A Beginner’s Guide To Using Other People’s Money When Launching A Business – Forbes
The enormity of the finances required when starting a business can make you feel like an ant staring up Mt. Everest. The U.S. Small Business Administration estimates that “most micro businesses require $3,000 to get started,” which is a significant amount of cash for just getting off the ground. That number can be taken contextually amongst the backdrop of the average amount of money that the average American household has saved: $8,863, according to a 2018 article by Bankrate. That means that the average American household would have to dole out over ⅓ of their savings to hinge on a startup.
Of course, the financial situations of first-time entrepreneurs can differ widely, but one thing is for sure: no one wants to use their own money if they don’t have to. We can borrow a page from the playbook of Robert Kiyasaki the author of The Art of the Start and Rich Dad, Poor Dad, in which he states that the best way to make money is by leveraging other people’s money, or ‘OPM.’ Alyssa Gregory wrote for The Balance Small Business that “Using other people’s money also buys you time and allows you to do things in your business, you may not have been able to do if you financed it yourself. You have more options, increased reach, and the ability to make a bigger impact much quicker as you start your business.”
Still, with all its benefits, it can feel intimidating. How to start? Whose money to use? Colin Yurcisin is the founder of Credit Class, and helps hundreds of students around the world leverage credit to start their businesses, build income streams, and travel while doing so. We sat down to create this beginner’s guide which will help you to understand your options so you can invest in yourself and get started on your business.
1. Consider Using Credit
Believe it or not, lines of credit from credit cards are considered other people’s money. Sure, it’s the bank’s money, but it’s a form of borrowing nonetheless. Yurcisin filled me in on why he always advises new business owners to rely on business credit cards. “When applying for a business credit card, the credit limit will typically be three times the amount of your highest personal limit,” Yurcisin explained. “This means that if your highest personal credit card has a $10,000 limit, you can qualify for up to $30,000 in business credit.”
Obviously this will need to be paid back — but with most business credit cards, there’s a bit of a delay before the first payment is required. “Many business credit cards have a 0% interest rate for the 9-12 months, which gives you time to start to turn a profit in your business and pay off the loan before a cent of interest is ever accrued,” Yurcisin added. Plus, perks galore: some business credit cards allow you to use the points from your business investments to pay for flights, hotels, and rental cars, and can even unlock cool benefits like lounges at airports or even co-working spaces (like American Express’ partnership with WeWork last year). Yurcisin helps his students travel in luxury for free or little to nothing by taking advantage of this credit.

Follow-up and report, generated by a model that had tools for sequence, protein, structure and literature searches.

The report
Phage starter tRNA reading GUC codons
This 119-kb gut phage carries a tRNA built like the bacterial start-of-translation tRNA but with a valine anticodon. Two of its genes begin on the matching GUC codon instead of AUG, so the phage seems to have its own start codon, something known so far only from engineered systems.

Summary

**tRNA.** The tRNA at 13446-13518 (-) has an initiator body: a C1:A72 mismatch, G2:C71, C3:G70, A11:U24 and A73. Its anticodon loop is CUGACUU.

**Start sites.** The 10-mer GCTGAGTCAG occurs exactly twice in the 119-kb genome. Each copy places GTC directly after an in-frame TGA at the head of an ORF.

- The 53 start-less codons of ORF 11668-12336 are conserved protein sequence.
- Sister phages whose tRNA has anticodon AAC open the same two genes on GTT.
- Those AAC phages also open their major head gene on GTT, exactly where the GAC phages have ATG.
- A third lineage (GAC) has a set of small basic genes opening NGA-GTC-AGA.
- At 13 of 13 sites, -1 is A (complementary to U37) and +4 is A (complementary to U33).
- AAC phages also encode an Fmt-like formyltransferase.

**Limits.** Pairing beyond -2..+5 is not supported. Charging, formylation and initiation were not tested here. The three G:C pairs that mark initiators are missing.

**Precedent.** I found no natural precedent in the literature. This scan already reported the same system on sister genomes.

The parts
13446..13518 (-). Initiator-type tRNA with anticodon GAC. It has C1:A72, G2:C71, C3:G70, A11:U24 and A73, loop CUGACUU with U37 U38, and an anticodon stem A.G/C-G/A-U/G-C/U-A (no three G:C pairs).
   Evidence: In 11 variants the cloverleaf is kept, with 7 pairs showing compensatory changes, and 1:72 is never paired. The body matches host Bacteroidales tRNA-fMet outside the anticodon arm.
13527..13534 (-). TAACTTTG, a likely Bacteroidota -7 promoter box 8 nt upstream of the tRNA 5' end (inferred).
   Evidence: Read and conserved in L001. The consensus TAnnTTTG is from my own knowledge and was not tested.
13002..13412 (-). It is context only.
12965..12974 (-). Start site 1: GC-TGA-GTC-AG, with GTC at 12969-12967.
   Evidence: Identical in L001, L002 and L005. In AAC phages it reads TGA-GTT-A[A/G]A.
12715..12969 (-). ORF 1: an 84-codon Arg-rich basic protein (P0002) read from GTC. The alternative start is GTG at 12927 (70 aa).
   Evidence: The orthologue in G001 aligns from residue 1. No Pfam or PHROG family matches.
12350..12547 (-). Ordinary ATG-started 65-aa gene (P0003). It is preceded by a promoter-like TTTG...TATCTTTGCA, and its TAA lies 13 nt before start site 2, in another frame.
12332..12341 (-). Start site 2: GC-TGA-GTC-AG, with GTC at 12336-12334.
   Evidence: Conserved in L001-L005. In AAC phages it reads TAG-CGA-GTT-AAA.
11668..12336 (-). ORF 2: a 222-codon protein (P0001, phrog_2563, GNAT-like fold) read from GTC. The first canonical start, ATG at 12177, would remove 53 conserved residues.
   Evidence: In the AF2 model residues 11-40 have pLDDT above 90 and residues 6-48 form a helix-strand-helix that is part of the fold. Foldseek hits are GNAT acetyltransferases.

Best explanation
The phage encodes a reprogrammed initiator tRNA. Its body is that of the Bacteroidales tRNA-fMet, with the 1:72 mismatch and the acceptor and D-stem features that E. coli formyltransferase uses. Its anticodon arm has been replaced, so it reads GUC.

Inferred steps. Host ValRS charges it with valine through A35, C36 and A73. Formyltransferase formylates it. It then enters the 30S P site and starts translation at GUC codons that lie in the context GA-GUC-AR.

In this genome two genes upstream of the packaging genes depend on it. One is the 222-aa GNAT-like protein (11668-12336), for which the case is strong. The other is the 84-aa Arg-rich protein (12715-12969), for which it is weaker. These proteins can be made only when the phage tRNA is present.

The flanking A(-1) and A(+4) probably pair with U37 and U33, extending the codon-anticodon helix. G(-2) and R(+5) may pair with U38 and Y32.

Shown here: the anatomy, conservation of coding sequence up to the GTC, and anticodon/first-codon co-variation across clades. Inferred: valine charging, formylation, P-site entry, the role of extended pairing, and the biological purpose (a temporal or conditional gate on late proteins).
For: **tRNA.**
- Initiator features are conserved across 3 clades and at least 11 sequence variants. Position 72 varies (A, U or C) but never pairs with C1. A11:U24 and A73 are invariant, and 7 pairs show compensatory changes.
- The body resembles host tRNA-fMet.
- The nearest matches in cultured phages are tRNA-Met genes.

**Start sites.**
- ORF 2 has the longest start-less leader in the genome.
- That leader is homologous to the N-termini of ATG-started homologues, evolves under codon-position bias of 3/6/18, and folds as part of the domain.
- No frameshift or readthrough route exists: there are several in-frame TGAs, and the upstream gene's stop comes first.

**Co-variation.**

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2. Grants, Loans, And Awards
Especially in the current economic climate, it’s more important than ever to be privy to updates that can help your business. As Farnoosh Torabi shared with SoFi, “Information is so vital to your success right now… there’s no such thing as too many resources when it comes to financial health.” Right now, these resources can include government stimulus packages, federal loans with amenable loan forgiveness plans, subsidies, grants, and more.
A note about the loans, however: your credit score matters greatly. “Your credit score is a reflection of your brand,” explained Yurcisin. “It can be the golden ticket or the downfall of your ability to access credit or loans for your business. So, your first priority should always be raising your credit score so you can unlock more capital, perks and freedom.”
In the meantime, there are countless other resources available for new startups. One such resource is the Tory Burch Foundation, which offers grants and updates on other grant opportunities. Some applications are seasonal, so stay tuned for when applications open and when the money is awarded. The best part about these grants is that they don’t need to be paid back, which can be a welcome reprieve as opposed to utilizing loans or credit lines.
Finally, we have investors – angel or otherwise. You may have heard of the three F’s – “friends, family, and fools.” Asking for an investment can feel strange in today’s economic climate, or it can feel challenging to even find angel investors. But resources still abound. One example is ACE-Net, which is a network developed by the Small Business Administration to connect angel investors with entrepreneurs. Ladies Who Launch also has a full list of investor-finding resources, including venture capital firms that are solely devoted to female founders! Remember that these investors are looking for opportunities too, and if they like your business model and can get behind your mission, it’s a win-win.
Angel investors can begin with smaller ‘seed’ amounts, which is advised when you’re in the early stages. As great as it can be to receive a mass influx of cash from a venture capital firm, you’ll have to pay for it in equity. And still, Yurcisin will remind us of the importance of a credit score — while investors are likely to invest in your business because of its value proposition, they also want to know that you are capable of paying them back, so they may ask for bank statements or run your credit score. This is why keeping everything ‘in-house’ and relying more on your own business credit lines or grants or award money can be advantageous. It’s up to you, but one thing is for sure: there’s no shortage of options to help you utilize OPM in launching your business.